The Thing From Bloggy Swamp

"Music is real--the rest is scenery." Fats Waller

Con Chapman

Con Chapman
Boston, Massachusetts, US of A
September 28
. . . is the author of over fifty books--some with paper!--available on and elsewhere.


FEBRUARY 2, 2013 1:15PM

My Yoko Ono

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Physicists currently believe that all rock bands–nay, all human groups composed of four men–can be broken down into elemental particles first identified by study of The Beatles through an electron microscope.

There is the Cute One–Ringo. The Dreamy One–Paul. The Actual Musician–that would be George. And the Verbal One–John. It fell to me, as a charter member of Otis & the Elevator Company who was neither cute, dreamy nor a good guitar player–to be the Verbal One.

None of us said, as John Lennon did, that we were more popular than Jesus, but if any of us had said it, it would have been me. My mouth has been getting me into trouble since before I possessed the power of speech–it kept me out of National Honor Society until I was a senior. And for one bright and shining week of my existence–the five school days after we beat The Ostentations and The Del-Vikings in my high school’s first-ever Battle of the Bands–we were more popular than Jesus, except among the Baptists who weren’t allowed to dance and the Good Kids on the Student Council.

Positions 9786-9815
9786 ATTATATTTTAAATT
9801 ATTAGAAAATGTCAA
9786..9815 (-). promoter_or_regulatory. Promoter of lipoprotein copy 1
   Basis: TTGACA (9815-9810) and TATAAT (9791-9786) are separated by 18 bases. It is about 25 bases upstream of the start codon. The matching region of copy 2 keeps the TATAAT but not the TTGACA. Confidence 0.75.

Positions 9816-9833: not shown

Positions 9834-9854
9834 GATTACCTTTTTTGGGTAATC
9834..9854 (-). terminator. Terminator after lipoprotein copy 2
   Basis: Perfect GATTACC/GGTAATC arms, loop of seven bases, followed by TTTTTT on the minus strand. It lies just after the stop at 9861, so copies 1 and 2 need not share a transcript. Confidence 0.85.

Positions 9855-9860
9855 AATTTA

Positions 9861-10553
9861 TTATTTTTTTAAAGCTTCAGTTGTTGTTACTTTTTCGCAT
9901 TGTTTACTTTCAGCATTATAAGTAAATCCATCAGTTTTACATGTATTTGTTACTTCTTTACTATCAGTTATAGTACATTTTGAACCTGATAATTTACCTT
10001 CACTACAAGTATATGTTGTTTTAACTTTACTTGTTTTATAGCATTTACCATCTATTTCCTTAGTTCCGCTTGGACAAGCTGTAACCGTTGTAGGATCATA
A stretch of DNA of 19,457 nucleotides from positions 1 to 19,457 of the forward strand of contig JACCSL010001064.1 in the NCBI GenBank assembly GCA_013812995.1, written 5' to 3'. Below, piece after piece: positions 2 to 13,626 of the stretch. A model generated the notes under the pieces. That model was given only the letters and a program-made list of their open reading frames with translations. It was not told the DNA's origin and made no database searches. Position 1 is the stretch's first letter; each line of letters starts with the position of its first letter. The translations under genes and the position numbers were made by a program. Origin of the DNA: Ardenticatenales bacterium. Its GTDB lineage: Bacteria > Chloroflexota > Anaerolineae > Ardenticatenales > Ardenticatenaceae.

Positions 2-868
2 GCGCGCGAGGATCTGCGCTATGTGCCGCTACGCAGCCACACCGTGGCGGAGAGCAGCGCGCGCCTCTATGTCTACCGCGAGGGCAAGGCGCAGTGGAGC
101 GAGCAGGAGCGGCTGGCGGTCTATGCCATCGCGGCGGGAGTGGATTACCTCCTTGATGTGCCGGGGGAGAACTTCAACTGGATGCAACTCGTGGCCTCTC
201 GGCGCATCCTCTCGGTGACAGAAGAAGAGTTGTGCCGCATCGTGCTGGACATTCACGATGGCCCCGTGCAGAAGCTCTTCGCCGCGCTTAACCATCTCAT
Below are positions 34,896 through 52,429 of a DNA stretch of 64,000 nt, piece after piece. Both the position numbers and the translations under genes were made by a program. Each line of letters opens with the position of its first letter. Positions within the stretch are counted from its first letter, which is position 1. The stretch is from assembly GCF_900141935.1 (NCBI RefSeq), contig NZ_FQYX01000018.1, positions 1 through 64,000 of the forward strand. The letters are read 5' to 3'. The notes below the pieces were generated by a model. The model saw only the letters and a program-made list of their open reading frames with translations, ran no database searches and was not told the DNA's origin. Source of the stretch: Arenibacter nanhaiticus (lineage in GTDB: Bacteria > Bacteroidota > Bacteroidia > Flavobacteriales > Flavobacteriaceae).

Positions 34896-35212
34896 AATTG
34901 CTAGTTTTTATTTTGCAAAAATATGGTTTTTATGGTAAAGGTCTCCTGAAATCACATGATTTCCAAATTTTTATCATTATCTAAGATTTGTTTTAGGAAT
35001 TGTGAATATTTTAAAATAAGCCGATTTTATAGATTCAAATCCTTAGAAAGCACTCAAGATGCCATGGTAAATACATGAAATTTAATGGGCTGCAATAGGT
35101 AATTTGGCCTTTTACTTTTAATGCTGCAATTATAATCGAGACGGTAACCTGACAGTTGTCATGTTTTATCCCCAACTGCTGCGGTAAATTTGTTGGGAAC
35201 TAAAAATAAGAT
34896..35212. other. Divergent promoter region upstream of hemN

Jesus welcoming me home after a hot day building recreational vehicles at Klassic Trailers.

We should have used that stunning victory–to which we were powered by a potent hybrid fuel composed of equal parts soul music (the “Otis” part) and psychedelia (the “Elevator” part)–as a springboard to gigs at the premier venues in town, such as the Dew Drop Inn, which we had heard paid as much as $500 a night! Instead, something happened that, as with the Beatles, planted the seed that grew the weed in the band’s garden.